The play exposes the modus operandi of communal elements. “How do our administrators, citizens, the affluent section of society and political leaders try to draw mileage out of such situations is what my play tries to reveal in a lighter vein,” says the creator of the play. Executed in a hilarious mode, the play shows what are the ‘apparatus’ used in initiating a riot and how the poor people are incited to die in return for a handsome compensation, i.e. ‘Muawze’.

A rickshaw-puller is persuaded by his kin and friends to die in a communal disturbance to be incited soon, for he will get a compensation of Rs 50,000. He agrees on the condition that he is married to his neighbour’s daughter Shanti before dying. Shanti’s mother persuades her to marry him so that the money goes to her after his death. She is not even told whom she is made to marry but is assured that the death of her husband would bring her riches.

To cause riots, a religious leader hires a professional killer to kill a few persons from one community. The killer bargains on the amount, else he would carry killings on behalf of other community. Weapons like knives and pistols are bought from a shopkeeper, who sells weapon to both communities depending upon who is the best paymaster.

The police commissioner receives orders from the higher-ups that he should get the schools and shops closed and make all arrangements to see that riots break out. As soon as the much-planned riots flare up, an announcer wrongly proclaims last year’s speech that promises grants to those who have died in the present year. He is stopped by the police personnel as so far none has died! Listening to the declaration, many whose kith and kin had died in last year’s communal riot queue outside police office for the grant. Meanwhile, the rickshaw-puller now married to Shanti, refuses to die to enjoy the marital bliss and both flee the city. The grant money is kept safe in the police station. But after only a few minutes of the riots, a police official gets to know that the entire money is being burgled from the police station!

Amid much hullabaloo, the professional killer appears in the guise of a social worker and declares that he will distribute money to all those who have died in the riot. In reality, it is actually he who steals money from the police station!

The gullible public consider him to be an angel and go to him with their other problems like scaring away tenants from their houses etc. With the help of his henchmen, he solves most people’s problems and requests them to vote for him, as he is all set to contest elections this time. The ignorant public votes for him whole-heartedly and he wins with a huge majority emerging as a great political leader as the play concludes.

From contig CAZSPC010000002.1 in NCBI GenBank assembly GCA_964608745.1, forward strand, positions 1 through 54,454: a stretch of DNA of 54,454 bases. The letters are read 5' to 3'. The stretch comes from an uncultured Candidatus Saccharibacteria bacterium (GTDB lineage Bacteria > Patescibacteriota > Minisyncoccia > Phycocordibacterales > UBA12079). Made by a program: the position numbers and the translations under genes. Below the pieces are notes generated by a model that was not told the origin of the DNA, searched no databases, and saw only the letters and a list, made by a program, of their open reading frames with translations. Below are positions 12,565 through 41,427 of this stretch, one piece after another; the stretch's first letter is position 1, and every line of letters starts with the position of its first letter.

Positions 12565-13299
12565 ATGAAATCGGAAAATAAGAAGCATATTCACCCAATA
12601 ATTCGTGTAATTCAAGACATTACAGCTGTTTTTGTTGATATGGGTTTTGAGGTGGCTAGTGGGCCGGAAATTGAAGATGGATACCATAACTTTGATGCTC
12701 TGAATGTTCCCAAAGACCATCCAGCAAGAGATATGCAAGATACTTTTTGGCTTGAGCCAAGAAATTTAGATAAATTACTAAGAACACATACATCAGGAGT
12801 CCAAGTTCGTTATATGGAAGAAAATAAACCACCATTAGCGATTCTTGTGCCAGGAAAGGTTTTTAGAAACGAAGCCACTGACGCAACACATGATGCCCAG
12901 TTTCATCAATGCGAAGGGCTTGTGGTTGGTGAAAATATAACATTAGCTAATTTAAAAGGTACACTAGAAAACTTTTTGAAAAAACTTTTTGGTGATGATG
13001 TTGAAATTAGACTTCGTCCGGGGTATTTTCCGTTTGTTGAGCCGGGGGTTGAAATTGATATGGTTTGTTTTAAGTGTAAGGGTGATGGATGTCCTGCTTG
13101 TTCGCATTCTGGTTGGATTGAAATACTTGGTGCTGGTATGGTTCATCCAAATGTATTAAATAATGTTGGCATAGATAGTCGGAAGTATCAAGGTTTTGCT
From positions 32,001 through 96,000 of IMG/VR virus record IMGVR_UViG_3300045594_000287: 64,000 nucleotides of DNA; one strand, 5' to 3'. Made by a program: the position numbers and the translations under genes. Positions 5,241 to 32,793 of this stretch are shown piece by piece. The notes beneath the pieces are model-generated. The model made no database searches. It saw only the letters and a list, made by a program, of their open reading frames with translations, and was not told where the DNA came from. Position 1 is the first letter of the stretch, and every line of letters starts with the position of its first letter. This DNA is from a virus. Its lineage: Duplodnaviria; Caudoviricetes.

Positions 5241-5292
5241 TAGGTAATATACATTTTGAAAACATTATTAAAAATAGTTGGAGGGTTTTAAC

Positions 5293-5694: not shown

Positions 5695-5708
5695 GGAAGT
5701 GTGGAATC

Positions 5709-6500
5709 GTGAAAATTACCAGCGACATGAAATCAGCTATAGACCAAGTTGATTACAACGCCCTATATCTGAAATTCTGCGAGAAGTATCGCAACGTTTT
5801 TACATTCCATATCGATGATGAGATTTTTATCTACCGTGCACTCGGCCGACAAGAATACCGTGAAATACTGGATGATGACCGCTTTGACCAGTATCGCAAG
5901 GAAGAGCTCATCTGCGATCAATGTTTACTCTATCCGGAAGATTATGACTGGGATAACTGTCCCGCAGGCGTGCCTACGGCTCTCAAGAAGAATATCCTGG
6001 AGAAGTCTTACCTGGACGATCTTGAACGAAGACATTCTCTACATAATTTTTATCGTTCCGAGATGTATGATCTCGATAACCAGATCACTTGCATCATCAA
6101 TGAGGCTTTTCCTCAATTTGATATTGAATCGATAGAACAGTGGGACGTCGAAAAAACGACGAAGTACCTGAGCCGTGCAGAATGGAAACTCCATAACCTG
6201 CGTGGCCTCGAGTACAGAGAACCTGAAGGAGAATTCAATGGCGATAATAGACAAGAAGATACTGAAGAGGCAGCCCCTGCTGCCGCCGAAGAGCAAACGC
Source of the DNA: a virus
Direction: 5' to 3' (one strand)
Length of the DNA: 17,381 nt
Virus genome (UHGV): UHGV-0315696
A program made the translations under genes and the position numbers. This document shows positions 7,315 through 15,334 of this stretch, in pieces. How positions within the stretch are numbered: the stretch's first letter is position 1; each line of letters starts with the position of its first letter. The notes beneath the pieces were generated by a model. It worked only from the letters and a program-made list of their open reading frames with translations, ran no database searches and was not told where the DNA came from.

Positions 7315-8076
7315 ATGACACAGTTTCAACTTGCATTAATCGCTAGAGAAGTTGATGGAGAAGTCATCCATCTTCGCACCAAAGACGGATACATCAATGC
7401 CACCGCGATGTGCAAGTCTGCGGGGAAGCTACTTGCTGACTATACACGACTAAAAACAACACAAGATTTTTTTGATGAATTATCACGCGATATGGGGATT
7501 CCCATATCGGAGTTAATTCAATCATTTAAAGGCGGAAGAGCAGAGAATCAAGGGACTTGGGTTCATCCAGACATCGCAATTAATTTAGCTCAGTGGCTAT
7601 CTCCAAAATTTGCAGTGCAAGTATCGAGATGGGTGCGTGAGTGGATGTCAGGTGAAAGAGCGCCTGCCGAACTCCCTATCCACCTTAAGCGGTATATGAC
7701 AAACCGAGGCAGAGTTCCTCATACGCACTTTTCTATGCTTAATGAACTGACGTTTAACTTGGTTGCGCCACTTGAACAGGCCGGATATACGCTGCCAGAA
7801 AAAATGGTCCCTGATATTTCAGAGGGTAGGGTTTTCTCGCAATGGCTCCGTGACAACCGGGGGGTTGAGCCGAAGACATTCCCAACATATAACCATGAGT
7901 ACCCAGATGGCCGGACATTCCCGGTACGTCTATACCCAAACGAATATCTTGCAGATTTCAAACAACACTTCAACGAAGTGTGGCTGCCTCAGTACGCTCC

“There is no end to selfish motives of the people, crushed by the all-round corruption, even common people have started to realise that unless they also try to get some mileage out of a situation, they will stand no where. Hence, even a situation like riot would seem to them, a silver lining in the dark clouds of their life. As also the administrators and people belonging to the higher strata of society take riots as a lottery that would benefit them monetarily,” justifies Dhruv Kumar Mishra, the director, for “staging this play at a time when the nation is facing a similar situation”.

Ayushman Tiwari, the play’s asset in a befitting role of the professional killer Jagga, is surprisingly “only a year old in the acting profession”. Vikas Mallick as a speechwriter, Hiranya Hinkar as the police commissioner and Sahil Saifi as the weapon seller tickled most funny bones. The obvious shortage of talented artists otherwise was compensated through an appreciable backdrop at many a places.

Rana A Siddiqui



A dancing tribute to gurus

Not that ‘guru shishya paramapra’ has breathed its last in all realms of performing arts, it has survived through the efforts of a few concerned artistes.

The efforts showed in ‘Guru Shishya Paramapra Festival’, organised by Jyantika’s Mayadur Raut School of Odissi Dance at India Habitat Centre recently.

The festival staged three generations of Odissi, Kathak and Bharatnatyam artistes in their creative best. It had Kiran Sehgal, daughter of the actress and dance partner of Uday Shanksr, Zohra Sehgal, Madhumita Raut and Yaamini Mubayi — all trained under Guru Mayadhar Raut, the Odissi exponent as also Prerna Shrimali, the ace kathak dancer trained by late Kundan Lal Ganagni of Kathak Gharana of Jaipur and Guru Saroja Vaidyanathan, trained on the line of Tanjavour Bharatnatyam tradition by Smt. Lalitha of Saraswati Ganga Nilayam, Chennai. Through this programme, the artistes paid a dancing tribute to their gurus.